sock
Soc Soc (s[o^]k), n. [AS. s[=o]c the power of holding court, sway, domain, properly, the right of investigating or seeking; akin to E. sake, seek. {Sake}, {Seek}, and cf. {Sac}, and {Soke}.] [Written also {sock}, and {soke}.] 1. (O. Eng. Law) (a) The lord's power or privilege of holding a court in a district, as in manor or lordship; jurisdiction of causes, and the limits of that jurisdiction. (b) Liberty or privilege of tenants excused from customary burdens. [1913 Webster]

2. An exclusive privilege formerly claimed by millers of grinding all the corn used within the manor or township which the mill stands. [Eng.] [1913 Webster]

{Soc and sac} (O. Eng. Law), the full right of administering justice in a manor or lordship. [1913 Webster]


The Collaborative International Dictionary of English. 2000.

Look at other dictionaries:

  • sock — ► NOUN 1) a knitted garment for the foot and lower part of the leg. 2) an insole. 3) informal a hard blow. ► VERB informal ▪ hit forcefully. ● knock (or blow) someone s socks off Cf. ↑knock …   English terms dictionary

  • Sock — es una expresión que, literalmente, significa acción rápida o violenta, y que se aplicó, especialmente en la época del jazz tradicional y el Swing a una determinada forma de ejecutar los temas, potente y arrolladora (Sock Style). En este mismo… …   Wikipedia Español

  • sock — sock1 [säk] n. [ME socke < OE socc < L soccus, type of light, low heeled shoe < Gr sukchis, prob. of Phrygian orig.; akin to Avestan haxa , sole of the foot] 1. a light shoe worn by comic characters in ancient Greek and Roman drama 2.… …   English World dictionary

  • Sock — Sock, n. [OE. sock, AS. socc, fr. L. soccus a kind of low heeled, light shoe. Cf. {Sucket}.] 1. The shoe worn by actors of comedy in ancient Greece and Rome, used as a symbol of comedy, or of the comic drama, as distinguished from tragedy, which… …   The Collaborative International Dictionary of English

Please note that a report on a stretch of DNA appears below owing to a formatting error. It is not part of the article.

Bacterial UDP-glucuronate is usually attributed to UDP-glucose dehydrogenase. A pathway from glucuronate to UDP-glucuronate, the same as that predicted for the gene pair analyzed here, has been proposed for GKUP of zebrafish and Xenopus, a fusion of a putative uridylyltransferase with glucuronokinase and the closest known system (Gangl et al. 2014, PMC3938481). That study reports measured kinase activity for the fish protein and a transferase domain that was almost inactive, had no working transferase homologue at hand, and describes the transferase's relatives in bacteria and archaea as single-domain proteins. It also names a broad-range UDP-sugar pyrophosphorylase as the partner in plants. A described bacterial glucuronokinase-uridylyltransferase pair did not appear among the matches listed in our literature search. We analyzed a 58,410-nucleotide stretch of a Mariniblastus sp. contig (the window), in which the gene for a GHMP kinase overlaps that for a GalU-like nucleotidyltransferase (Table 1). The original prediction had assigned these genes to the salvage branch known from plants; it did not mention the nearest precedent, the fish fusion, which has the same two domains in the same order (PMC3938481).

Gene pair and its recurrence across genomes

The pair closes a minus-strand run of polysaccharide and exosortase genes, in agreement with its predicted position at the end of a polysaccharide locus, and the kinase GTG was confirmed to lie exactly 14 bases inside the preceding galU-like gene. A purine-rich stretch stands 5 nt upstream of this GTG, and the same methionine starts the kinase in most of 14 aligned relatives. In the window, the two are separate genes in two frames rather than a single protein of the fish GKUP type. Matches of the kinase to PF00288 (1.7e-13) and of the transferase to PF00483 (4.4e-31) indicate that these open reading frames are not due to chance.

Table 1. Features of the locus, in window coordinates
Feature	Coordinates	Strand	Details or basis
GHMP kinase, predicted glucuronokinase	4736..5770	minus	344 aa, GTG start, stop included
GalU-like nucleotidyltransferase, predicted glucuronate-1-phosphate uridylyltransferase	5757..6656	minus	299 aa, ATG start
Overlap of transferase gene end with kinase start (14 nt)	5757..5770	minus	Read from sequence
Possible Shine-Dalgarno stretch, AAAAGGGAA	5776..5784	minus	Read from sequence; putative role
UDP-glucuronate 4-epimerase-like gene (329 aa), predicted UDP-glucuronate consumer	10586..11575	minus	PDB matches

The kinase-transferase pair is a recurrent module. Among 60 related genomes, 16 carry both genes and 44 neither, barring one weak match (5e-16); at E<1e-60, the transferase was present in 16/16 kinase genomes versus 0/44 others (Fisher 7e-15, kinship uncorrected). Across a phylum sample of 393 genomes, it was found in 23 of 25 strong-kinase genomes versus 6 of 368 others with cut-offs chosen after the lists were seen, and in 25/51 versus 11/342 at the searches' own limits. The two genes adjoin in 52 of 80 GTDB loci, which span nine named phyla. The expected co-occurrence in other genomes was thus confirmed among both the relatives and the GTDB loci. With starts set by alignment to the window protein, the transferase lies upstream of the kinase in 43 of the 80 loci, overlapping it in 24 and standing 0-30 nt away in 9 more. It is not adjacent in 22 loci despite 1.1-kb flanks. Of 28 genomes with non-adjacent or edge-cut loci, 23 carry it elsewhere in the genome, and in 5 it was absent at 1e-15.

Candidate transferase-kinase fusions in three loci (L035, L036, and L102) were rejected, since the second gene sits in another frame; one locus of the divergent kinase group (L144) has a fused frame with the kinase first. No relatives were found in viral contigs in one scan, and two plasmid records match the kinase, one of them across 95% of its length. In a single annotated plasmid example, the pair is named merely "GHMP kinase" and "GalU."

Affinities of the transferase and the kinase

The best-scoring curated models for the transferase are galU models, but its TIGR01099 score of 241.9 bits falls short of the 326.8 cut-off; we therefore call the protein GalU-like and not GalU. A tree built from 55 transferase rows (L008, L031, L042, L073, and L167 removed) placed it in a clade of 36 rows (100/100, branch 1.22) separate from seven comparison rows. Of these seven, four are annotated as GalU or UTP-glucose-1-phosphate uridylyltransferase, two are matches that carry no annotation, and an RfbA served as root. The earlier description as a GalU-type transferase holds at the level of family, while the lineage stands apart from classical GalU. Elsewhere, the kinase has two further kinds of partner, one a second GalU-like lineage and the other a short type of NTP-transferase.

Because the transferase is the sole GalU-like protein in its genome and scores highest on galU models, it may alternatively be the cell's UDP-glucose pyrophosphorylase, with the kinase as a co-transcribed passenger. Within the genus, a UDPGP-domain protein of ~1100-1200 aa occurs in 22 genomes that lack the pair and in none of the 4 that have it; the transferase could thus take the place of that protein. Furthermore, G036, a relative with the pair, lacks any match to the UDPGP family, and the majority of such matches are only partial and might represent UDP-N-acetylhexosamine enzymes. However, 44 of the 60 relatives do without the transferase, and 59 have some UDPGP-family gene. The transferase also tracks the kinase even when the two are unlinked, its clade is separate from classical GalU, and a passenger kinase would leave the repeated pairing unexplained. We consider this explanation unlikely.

• Sock — (s[o^]k), v. t. [Perh. shortened fr. sockdolager.] To hurl, drive, or strike violently; often with it as an object. [Prov. or Vulgar] Kipling. [Webster 1913 Suppl.] …   The Collaborative International Dictionary of English

  • Sock — Sock, n. [F. soc, LL. soccus, perhaps of Celtic origin.] A plowshare. Edin. Encyc. [1913 Webster] …   The Collaborative International Dictionary of English

  • sock — [n/v] hit hard beat, belt, bop, buffet, chop, clout, cuff, ding, nail, paste, punch, slap, smack, smash, soak, whack; concept 189 Ant. tap …   New thesaurus

  • Sock — A sock is a knitted or woven type of hosiery garment for enclosing the human foot. Socks are designed to: * ease chafing between the foot and footwear, * keep the feet warm * provide comfort * be fashionable * keep the feet clean Sock is also the …   Wikipedia

  • sock — bus·sock; cas·sock; fus·sock; has·sock; las·sock; sock; sock·dol·a·ger; sock·er·oo; sock·et·less; sock·eye; sock·less; sock·man; tus·sock; tus·sock·er; sock·er; sock·et; sock·dol·o·ger; …   English syllables

  • sock — sock1 S3 [sɔk US sa:k] n [Sense: 1,3 4; Origin: Old English socc, from Latin soccus light shoe ] [Sense: 2,5; Date: 1600 1700; Origin: SOCK2] 1.) a piece of clothing made of soft material that you wear on your foot inside your shoe …   Dictionary of contemporary English

  • sock — {{11}}sock (n.) O.E. socc light slipper, a West Germanic borrowing from L. soccus light low heeled shoe, variant of Gk. sykchos a kind of shoe, perhaps from Phrygian or another Asiatic language. To knock the socks off (someone) beat thoroughly is …   Etymology dictionary

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